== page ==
We had only ten (22%) of the described taxa included in our sample of this subcomplex, so our results represent only a preliminary assessment of relationships within the group. With respect to the relationship between Eurynebria and Eunebria, several possibilities remain viable. There is some support for a clade including all Eunebria as sister to Eurynebria (Chart 1, line 86) from the 8G ML (Fig. 5C), 8G B and Mito G (Suppl. material 2: Figs S1, S4) concatenated analyses and also from the COI PJ and Topo analyses (Suppl. material 2: Figs S6, S11). Although none of the evidence is compelling, the Nuc G and NPC G concatenated analyses and 28S, COI BC, CAD2, and wg analyses all support Eurynebria as nested within Eunebria and related to one or another of the clades included within the latter (Chart 1, lines 87–89). Each of these clades occupies one or two of the focal areas for Eunebria described above. One clade includes the European and central Asian species in our sample. This clade is supported by all our analyses except the 28S analysis (Chart 1, line 90) and by two shared unique bases (Suppl. material 1: Table S1). Results from the CAD2 analyses show Eurynebria as sister to this clade (Suppl. material 2: Fig. S9). Within this clade the European and central Asian species each form sister clades (Fig. 4C) supported by all our concatenated analyses and by three or more single-gene analysis (Chart 1, lines 91 and 92). Results from the 28S analysis suggest that Eurynebria is most closely related to the European clade, a result that makes sense geographically. Another clade within Eunebria is one including the species in our sample from southeastern Asia (centered in Yunnan Province) and far eastern Asia. This east Asian clade is well supported by all our analyses (Chart 1, line 93). Results from the Nuc G and NPC G concatenated analyses and the wg single-gene analysis suggest that Eurynebria is sister to this clade (Suppl. material 2: Figs S2, S3, S12).

Given the conflicting evidence from our results, we cannot establish unambiguously whether Eurynebria is sister to Eunebria or nested within it. This is an important distinction for taxonomy because Eurynebria, which has included only N. complanata since its introduction, has priority over Eunebria if the two groups are united. We choose to leave these subgenera as separate pending additional evidence supporting the alternative.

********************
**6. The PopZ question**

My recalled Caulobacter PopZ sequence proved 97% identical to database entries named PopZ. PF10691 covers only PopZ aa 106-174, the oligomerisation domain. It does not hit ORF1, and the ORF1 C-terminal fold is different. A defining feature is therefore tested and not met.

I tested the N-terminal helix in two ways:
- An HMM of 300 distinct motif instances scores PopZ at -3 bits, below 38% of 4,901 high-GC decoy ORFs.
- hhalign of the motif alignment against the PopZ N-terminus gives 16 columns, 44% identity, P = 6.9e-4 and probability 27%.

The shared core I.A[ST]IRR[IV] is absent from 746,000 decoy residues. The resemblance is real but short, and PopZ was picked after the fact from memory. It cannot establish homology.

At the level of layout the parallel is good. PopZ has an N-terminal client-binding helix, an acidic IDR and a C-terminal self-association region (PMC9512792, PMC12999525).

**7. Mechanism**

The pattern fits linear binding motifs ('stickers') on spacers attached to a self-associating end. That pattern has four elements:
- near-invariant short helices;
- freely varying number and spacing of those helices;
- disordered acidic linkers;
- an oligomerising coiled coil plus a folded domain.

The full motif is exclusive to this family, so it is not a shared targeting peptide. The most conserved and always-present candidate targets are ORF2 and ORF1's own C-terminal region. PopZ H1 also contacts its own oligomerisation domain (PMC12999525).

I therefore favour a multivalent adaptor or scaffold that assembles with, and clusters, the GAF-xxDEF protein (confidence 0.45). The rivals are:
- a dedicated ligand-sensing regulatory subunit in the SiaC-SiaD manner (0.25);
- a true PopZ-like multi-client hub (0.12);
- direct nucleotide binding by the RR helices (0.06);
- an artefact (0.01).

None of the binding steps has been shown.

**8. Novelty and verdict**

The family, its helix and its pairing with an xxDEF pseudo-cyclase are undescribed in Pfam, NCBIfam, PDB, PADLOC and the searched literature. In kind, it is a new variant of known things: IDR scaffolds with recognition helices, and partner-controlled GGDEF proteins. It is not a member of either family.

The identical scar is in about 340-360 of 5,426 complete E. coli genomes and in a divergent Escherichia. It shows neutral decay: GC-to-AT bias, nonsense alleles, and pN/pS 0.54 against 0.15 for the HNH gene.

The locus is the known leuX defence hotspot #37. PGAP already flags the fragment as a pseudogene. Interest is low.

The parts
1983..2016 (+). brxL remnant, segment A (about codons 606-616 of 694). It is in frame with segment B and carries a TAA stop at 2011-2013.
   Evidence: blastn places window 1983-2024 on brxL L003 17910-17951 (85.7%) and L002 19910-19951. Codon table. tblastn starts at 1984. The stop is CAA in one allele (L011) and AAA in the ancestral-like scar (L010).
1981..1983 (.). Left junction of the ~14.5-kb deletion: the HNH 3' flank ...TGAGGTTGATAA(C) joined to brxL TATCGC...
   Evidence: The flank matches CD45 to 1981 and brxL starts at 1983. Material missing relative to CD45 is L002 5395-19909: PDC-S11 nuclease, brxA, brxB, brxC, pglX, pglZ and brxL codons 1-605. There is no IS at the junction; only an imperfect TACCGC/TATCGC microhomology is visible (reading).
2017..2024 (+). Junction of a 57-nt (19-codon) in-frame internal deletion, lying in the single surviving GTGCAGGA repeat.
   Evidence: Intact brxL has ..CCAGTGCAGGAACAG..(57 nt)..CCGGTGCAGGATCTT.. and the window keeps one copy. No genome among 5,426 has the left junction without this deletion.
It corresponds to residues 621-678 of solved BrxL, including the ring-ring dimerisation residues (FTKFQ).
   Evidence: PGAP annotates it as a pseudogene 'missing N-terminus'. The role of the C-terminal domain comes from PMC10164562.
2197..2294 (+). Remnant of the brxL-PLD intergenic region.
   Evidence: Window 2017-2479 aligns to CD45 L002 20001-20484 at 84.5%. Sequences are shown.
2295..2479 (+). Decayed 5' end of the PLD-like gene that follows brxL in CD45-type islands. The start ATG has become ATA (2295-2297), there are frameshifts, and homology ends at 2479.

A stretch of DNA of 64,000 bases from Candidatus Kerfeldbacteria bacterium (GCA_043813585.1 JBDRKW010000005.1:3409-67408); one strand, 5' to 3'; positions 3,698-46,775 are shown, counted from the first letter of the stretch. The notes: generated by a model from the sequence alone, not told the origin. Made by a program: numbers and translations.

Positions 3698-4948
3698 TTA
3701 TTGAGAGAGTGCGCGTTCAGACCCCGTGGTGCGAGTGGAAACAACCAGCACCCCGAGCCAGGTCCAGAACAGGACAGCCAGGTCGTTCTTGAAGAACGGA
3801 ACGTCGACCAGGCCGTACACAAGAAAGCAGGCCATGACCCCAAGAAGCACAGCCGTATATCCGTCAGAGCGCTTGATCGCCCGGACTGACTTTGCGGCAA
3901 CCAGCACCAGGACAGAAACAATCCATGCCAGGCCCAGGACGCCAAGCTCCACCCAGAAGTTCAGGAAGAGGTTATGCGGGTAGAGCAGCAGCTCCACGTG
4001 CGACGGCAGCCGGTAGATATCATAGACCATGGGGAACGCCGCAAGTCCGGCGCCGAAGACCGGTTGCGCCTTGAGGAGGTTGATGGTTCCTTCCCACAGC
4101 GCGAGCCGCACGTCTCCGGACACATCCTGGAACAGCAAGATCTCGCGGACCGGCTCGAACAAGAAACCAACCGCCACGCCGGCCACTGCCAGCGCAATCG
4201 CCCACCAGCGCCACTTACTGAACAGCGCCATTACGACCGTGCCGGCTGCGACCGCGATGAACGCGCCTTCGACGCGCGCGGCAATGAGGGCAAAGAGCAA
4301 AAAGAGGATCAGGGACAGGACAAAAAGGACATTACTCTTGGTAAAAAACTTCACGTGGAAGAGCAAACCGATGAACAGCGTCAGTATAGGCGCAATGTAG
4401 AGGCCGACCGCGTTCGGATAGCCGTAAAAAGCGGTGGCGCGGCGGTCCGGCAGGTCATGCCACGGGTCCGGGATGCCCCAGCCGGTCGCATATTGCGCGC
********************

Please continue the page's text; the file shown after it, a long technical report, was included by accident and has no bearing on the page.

Catonebria Series: Reductonebria Complex

This complex corresponds to subgenus Reductonebria as treated by Ledoux and Roux (2005). The group includes 40 described species-group taxa with a combined geographical range that extends from the Altai Mountain system of central Asia eastward to eastern North America, but with gaps inside this range. The group is well supported by all of our concatenated and single-gene analyses (Chart 1, line 95) as well as by four synapotypic amino acids and two unique bases (Suppl. material 1: Tables S1, S2). Within this complex, three distinct lineages are apparent (Fig. 4D). The first includes just two species, Nebria carbonaria Eschscholtz, 1829 and Nebria snowi Bates, 1883. This group corresponds to Ledoux and Roux’s “carbonaria group”. Nebria carbonaria occurs on the Kamchatka Peninsula and the northern Kuril Islands (Paramushir and Onekotan Islands) and N. snowi is endemic to the Kuril Islands. This clade is so strongly supported in all our analyses (Chart 1, line 96), as well as by two unique bases (Suppl. material 1: Tables S1, S2), that we recognize it as a distinct subgenus, Insulanebria. Morphological features that unambiguously distinguish members of this group from those of other members of the Reductonebria Complex are few and mainly involve internal features (see the Taxonomy section for discussion of these characters).

The second lineage in the complex is subgenus Reductonebria (Fig. 4D). This group is comprised of 17 species, some of which occupy very large geographical ranges. The combined range of the group is that of the entire complex. This clade is also very strongly supported in all of our analyses (Chart 1, line 99) and by one synapotypic amino acid (Suppl. material 1: Table S2) and one unique base insertion in 28S (Suppl. material 1: Table S3). Within this clade, an initial divergence among the 15 taxa in our sample resulted in vicariant Palearctic and Nearctic sister clades. The Palearctic clade, equivalent to Ledoux and Roux’s “ochotica group”, includes at least three species, one geographically widespread, the others more restricted in distribution. Nebria altaica Gebler, 1847 is restricted to the region from the southern end of Lake Baikal west through the Eastern and Western Sajan Mountains to the western end of Altai Mountains. Nebria ochotica Sahlberg, 1844 ranges from Yakutia in central Siberia east to the Russian Far East, Sakhalin Islands, Kamchatka and the Kuril Islands, Hokkaido Island in Japan, and south along the mainland coastal region to North Korea. Nebria japonica Bates, 1883 appears to be restricted to the mountains of Honshu Island, Japan. The only species of this subgenus not represented in our taxon sample were Nebria angustula Motschulsky, 1866, which is endemic to the Kamchatka Peninsula, and Nebria nicolasi Ledoux & Roux, 2006, which is known only from the Qionglai Mountains of central Sichuan Province, China. Members of these two species each have unique features that put their close relationship to other species in this group in question, but we have no evidence at present to place them anywhere but in the Palearctic group. Results from all our concatenated analyses as well as the COI BC, COI PJ, CAD2, and Topo analyses support the three species of this group on our sample as a clade (Chart 1, line 100).